North Carolina’s proposed two-year state budget is getting negotiated this month and litter pickup could be one the items getting trashed.

Currently, over 1,200 inmates are assigned to litter crews and road squads across the state. The Department of Public Safety (DPS) receives $9.5 million dollars from the Department of Transportation (DOT) to pay the inmates. But, DOT will no longer support the litter crew program and 183 positions (correctional officers) will be eliminated.

Senator Warren Daniel (R-46) told WBTV, “a provision in the budget that would allow state inmates to continue picking up trash, but the Department of Public Safety would have to bid on projects like other private contractors.”

During a budget appropriations meeting in May, Representative Allen McNeil said private contractors could do more for less.

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QUESTION: Are private contractors more efficient and cheaper than inmates?

PROCESS: According to DPS, 1,200 minimum and medium-level offenders make about 70 cents for day for litter pickup. A crew made of up medium-level offenders can work up to eight people, with three armed guards, while a minimum-level crew can work up to 12 offenders with one unarmed guard.

Inmates cannot spread out, forcing them to stay and work together.

The Office of State Budget and Management observed four DPS litter pick crews during four different days in August of 2011. The crews were from the Orange Correctional Center, Wake Correctional Center, and Raleigh Correctional Center for Women, and a road squad from the Harnett Correctional Institution. A private contractor was also observed.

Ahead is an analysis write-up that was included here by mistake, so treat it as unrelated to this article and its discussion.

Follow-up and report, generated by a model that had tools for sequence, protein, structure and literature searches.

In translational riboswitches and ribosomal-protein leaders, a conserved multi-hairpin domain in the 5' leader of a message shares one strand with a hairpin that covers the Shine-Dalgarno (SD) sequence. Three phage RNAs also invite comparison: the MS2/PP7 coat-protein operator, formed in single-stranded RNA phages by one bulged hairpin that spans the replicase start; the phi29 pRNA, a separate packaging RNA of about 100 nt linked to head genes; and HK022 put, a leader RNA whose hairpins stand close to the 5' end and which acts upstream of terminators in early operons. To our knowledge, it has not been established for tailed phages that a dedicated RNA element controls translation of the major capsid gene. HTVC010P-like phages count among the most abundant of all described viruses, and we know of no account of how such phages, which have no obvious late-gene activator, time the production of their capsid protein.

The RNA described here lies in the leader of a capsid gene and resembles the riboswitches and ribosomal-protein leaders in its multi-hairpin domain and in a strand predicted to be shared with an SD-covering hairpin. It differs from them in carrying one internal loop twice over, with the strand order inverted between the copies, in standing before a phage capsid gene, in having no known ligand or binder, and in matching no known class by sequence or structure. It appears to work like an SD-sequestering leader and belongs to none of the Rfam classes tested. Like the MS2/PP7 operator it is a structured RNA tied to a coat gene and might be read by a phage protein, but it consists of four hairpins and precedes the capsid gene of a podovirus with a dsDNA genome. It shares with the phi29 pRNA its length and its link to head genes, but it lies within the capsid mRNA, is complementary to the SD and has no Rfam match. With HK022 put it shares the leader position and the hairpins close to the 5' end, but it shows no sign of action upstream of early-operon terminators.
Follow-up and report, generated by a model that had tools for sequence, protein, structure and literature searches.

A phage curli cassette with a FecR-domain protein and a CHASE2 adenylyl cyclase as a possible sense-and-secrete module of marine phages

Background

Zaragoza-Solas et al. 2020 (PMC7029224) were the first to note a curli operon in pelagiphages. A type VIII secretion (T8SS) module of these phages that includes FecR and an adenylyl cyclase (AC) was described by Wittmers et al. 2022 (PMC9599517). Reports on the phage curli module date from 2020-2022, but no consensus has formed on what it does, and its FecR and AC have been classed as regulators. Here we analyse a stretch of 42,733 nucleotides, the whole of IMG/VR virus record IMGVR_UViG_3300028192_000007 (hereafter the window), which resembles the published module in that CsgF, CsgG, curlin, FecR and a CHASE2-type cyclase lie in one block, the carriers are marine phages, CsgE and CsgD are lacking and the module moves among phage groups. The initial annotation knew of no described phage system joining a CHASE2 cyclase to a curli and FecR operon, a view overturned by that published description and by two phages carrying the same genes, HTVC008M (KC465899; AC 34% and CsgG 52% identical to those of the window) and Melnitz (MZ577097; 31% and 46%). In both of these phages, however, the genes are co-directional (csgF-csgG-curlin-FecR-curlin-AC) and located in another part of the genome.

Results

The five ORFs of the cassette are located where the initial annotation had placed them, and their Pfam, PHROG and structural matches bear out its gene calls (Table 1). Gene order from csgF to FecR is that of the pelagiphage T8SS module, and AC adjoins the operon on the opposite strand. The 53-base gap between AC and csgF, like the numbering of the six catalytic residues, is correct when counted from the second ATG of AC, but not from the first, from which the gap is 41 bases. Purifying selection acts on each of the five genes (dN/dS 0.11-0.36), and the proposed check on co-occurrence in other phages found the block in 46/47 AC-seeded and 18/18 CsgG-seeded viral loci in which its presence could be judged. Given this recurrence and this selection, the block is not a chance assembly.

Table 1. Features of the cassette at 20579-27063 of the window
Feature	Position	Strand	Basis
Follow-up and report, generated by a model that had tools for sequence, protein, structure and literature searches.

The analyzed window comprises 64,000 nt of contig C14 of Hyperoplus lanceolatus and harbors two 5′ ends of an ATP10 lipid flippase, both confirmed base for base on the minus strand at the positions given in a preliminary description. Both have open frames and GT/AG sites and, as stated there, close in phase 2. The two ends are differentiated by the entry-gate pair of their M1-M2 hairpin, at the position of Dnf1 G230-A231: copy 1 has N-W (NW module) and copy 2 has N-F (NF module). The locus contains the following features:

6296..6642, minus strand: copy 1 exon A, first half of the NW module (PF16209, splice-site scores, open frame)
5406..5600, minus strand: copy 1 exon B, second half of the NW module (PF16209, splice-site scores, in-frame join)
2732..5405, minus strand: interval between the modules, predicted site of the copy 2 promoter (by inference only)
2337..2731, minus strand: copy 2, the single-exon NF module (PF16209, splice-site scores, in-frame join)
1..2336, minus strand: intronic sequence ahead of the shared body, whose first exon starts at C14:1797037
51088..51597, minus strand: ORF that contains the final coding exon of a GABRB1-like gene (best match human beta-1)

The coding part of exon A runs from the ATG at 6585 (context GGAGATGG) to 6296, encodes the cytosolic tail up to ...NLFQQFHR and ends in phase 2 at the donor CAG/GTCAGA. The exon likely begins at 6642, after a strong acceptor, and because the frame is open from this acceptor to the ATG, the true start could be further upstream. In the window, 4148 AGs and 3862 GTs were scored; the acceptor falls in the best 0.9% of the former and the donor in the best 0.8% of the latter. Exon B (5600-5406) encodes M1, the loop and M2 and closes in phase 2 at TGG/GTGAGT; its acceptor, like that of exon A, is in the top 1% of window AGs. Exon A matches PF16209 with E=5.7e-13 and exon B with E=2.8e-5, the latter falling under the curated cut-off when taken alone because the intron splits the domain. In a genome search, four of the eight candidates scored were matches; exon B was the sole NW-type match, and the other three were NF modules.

One litter crews and the private contractor were observed cleaning an interstate highway, while the other three litter crews worked on secondary roads.

The results of the 2012 study? Each private contractor worker was dropped off three miles from their co-worker, and each worker worked alone.

Also, inmates did not work the entire day because of the heat, mechanical problems on transport vehicles and lacking travel route information. Private contract workers only stopped for lunch or to be transported to another location.

At the end of the study, the private contractor cleaned 31 miles of per day, while the most efficient crew only cleared 4.5 miles.

So, we can verify with this study, private contractors are more efficient than inmate crews.

But, are they cheaper? This part of the claim is false. The same study shows while private contractors are more productive, but cost 13 times more. Lawmakers said the solution would be to pay private contractors by the hour instead of per mile.


Department of Public Safety

Department of Transportation

WBTV, On Your Side

Senator Warren Daniel

Associated Press

The Office of State Budget and Management


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